Five years after Missouri stripped the St. Louis Public School District of its accreditation and took over, that school system—in which students in times past were “almost as likely to drop out as earn a diploma,” according to the Wall Street Journal—is starting to rise from the dead. The difference? Kevin Adams, the unassuming, data-driven schools chief hired by the state-appointed board. Under his tenure, the graduation rate rose 18 percent and the debt fell by $25 million; attendance is up, misbehavior is down, and optimism runs high for St. Louis.
The Laura and John Arnold Foundation will invest $25 million to expand high-performing charters in New Orleans and create new ones—the group’s second investment in the Big Easy. Pre-Katrina, 83 percent of New Orleans schools were failing; after the proliferation of charter schools, that number has dropped to 40 percent. “"High-quality public charter schools have changed the landscape of public education in
Greg Hutko / November 29, 2012
Generous pensions—one of the main “perks” of public-sector employment—come at a steep price: After years of can-kicking, state pensions face funding shortfalls that total in the trillions. Yet many are hesitant to restructure them. Among the reasons cited is the backlash expected from teachers facing a loss or diminution of their long-established defined-benefit (DB) pension plans. This new study by Dan Goldhaber and colleagues suggests, however, that teachers may be more receptive to new pension structures than previously thought (echoing findings from a New York poll conducted earlier this year). Researchers analyzed teachers’ pension preferences using data from Washington State over two time periods during which educators could opt for a DB or hybrid plan (which combines a DB and an employee-funded defined-contribution [DC] plan). During both periods, the majority of teachers—both new and experienced—opted for the hybrid plan. (Only teachers over age fifty-five preferred the traditional DB option.) The researchers then examined the association between choice of pension program and teacher effectiveness, measured by value-added. Compellingly, teachers choosing the hybrid plan were 2 to 3 percent of a standard deviation more effective than those opting for the DB plan. This is equivalent to the difference between a teacher with one or two years of experience and a novice—and hints that the composition of the teacher workforce (and its overall quality) is likely to be influenced by pension structures. The political will to revamp teacher-pension plans remains buried.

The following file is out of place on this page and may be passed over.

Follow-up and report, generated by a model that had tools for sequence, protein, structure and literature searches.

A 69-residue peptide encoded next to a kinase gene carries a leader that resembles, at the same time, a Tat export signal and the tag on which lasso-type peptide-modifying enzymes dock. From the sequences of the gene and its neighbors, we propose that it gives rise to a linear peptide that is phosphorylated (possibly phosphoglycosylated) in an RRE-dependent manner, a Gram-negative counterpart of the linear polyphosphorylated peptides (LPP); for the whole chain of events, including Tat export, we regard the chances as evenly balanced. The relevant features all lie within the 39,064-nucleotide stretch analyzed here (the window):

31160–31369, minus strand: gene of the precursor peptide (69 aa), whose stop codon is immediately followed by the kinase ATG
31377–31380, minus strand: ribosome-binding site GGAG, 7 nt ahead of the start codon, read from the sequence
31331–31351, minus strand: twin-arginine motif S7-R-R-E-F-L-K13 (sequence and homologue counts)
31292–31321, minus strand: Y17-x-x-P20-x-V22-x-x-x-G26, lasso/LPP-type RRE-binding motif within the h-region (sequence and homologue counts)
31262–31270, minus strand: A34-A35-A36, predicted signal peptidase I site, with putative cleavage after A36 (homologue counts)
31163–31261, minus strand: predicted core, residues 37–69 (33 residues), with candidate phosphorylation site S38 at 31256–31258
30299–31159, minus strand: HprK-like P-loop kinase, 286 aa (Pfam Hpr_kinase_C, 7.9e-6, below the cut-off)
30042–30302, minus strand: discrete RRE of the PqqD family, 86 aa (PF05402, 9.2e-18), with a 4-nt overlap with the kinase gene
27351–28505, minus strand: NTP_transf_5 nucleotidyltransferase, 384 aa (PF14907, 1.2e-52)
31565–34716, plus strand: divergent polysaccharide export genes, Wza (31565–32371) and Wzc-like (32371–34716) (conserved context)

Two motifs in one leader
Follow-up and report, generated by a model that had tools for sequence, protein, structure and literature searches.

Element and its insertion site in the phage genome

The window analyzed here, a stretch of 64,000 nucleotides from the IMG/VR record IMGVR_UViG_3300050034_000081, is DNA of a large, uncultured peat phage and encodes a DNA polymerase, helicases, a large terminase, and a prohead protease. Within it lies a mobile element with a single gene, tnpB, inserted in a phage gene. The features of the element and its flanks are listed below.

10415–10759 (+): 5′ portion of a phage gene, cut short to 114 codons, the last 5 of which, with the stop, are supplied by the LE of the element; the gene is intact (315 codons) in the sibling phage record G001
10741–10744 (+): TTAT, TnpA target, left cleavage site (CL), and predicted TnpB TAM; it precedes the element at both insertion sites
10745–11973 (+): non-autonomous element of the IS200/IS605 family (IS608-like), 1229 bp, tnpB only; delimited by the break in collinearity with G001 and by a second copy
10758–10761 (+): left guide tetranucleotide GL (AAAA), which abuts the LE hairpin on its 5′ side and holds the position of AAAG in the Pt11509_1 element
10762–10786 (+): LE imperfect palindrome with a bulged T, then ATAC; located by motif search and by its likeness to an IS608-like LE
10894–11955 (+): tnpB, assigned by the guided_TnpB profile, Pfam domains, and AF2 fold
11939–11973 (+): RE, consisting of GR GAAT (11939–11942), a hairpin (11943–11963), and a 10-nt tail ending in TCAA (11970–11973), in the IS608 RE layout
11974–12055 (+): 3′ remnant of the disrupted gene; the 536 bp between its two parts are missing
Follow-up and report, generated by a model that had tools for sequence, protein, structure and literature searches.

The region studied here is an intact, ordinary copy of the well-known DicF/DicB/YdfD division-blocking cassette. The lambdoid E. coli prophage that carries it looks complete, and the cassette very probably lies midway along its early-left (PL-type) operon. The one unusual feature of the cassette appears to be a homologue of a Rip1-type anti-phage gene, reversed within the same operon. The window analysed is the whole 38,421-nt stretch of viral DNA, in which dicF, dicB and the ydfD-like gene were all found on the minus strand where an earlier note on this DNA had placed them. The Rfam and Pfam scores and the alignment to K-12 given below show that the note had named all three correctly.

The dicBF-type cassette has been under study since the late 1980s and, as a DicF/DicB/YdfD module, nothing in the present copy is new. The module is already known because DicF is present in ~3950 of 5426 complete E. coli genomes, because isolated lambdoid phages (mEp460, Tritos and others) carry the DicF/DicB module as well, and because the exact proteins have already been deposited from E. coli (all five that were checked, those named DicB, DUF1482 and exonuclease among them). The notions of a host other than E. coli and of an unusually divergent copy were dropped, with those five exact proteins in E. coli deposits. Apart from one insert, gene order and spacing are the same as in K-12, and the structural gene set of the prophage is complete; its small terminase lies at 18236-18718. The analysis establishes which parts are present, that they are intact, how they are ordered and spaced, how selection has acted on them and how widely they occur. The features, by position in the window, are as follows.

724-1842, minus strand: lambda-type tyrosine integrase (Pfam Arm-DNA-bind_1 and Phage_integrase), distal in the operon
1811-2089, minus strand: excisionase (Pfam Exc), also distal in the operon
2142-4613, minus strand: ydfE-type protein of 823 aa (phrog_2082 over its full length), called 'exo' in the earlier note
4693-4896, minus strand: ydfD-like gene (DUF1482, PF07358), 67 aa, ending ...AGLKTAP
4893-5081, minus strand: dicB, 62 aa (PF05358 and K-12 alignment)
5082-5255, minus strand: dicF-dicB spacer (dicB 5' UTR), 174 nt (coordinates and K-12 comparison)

Andrew Saraf / November 29, 2012
A flurry of legislative activity in 2010, spurred in part by Race to the Top, left many states with new teacher-evaluation systems, performance-pay metrics, tenure protocols, and more. This report, authored by Patrick McGuinn for the Center for American Progress, suggests that states are now struggling to implement and sustain these muscular policies. He looks closely at the implementation of revamped teacher-evaluation protocols in six states: Colorado, Delaware, New Jersey, Pennsylvania, Rhode Island, and Tennessee. How have they managed their increased role in what has long been a local pursuit? The process has proved slow and frustrating: New units (created to provide services like evaluator training and to track teacher effectiveness) have faced difficulties coordinating their work with that of local education agencies. Administrators skilled in teacher evaluation are scarce, forcing states to lean heavily on outside organizations. The see-saw between state policy and local control has proven particularly difficult to balance: Do states impose statewide evaluation systems (as in Delaware and Tennessee) or grant districts more flexibility? Still, these challenges are not insurmountable. McGuinn offers a number of common-sensical yet sensible recommendations to that end: For example, he urges officials to reflect on which tasks state education agencies are best-equipped to undertake and to think carefully about the tradeoffs between hiring outside organizations and building their own capacity. McGuinn’s report is a valuable reminder that any successful
John Horton / November 29, 2012
In education, only two things, once gone, cannot be replaced: Time and excellent educators. So argues TNTP (née The New Teacher Project) in this tag-along to its blockbuster August report, The Irreplaceables. While the August report assessed how schools and districts could retain top-flight teachers, this case study of the District of Columbia school system (DCPS) scrutinizes whether its new teacher-evaluation system, known as IMPACT, is effectively weeding out the bad and retaining the good. Evidently it is. In 2010-11, D.C. retained 88 percent of its irreplaceable teachers (those who were rated “highly effective” by IMPACT), compared to just 45 percent of its low-performers. Impressive, when compared with the retention patterns of other districts studied by TNTP, which retained, on average, 85 percent of low and high performers alike. But improvements are still possible. For example, two-thirds of DCPS principals do not consider smart retention a top priority. Further, D.C. Irreplaceables are 30 percent more likely to teach in the District’s lowest-poverty schools than its highest-poverty ones. (Conversely, while only 3 percent of teachers in the lowest-poverty schools are ineffective, 36 percent of educators in the highest-poverty schools are.) As D.C.—rightly—continues to identify and nudge out weak teachers, it must take a keen look at where replacements are needed, and enact policy to help get them there. How much more aggressive the district will be on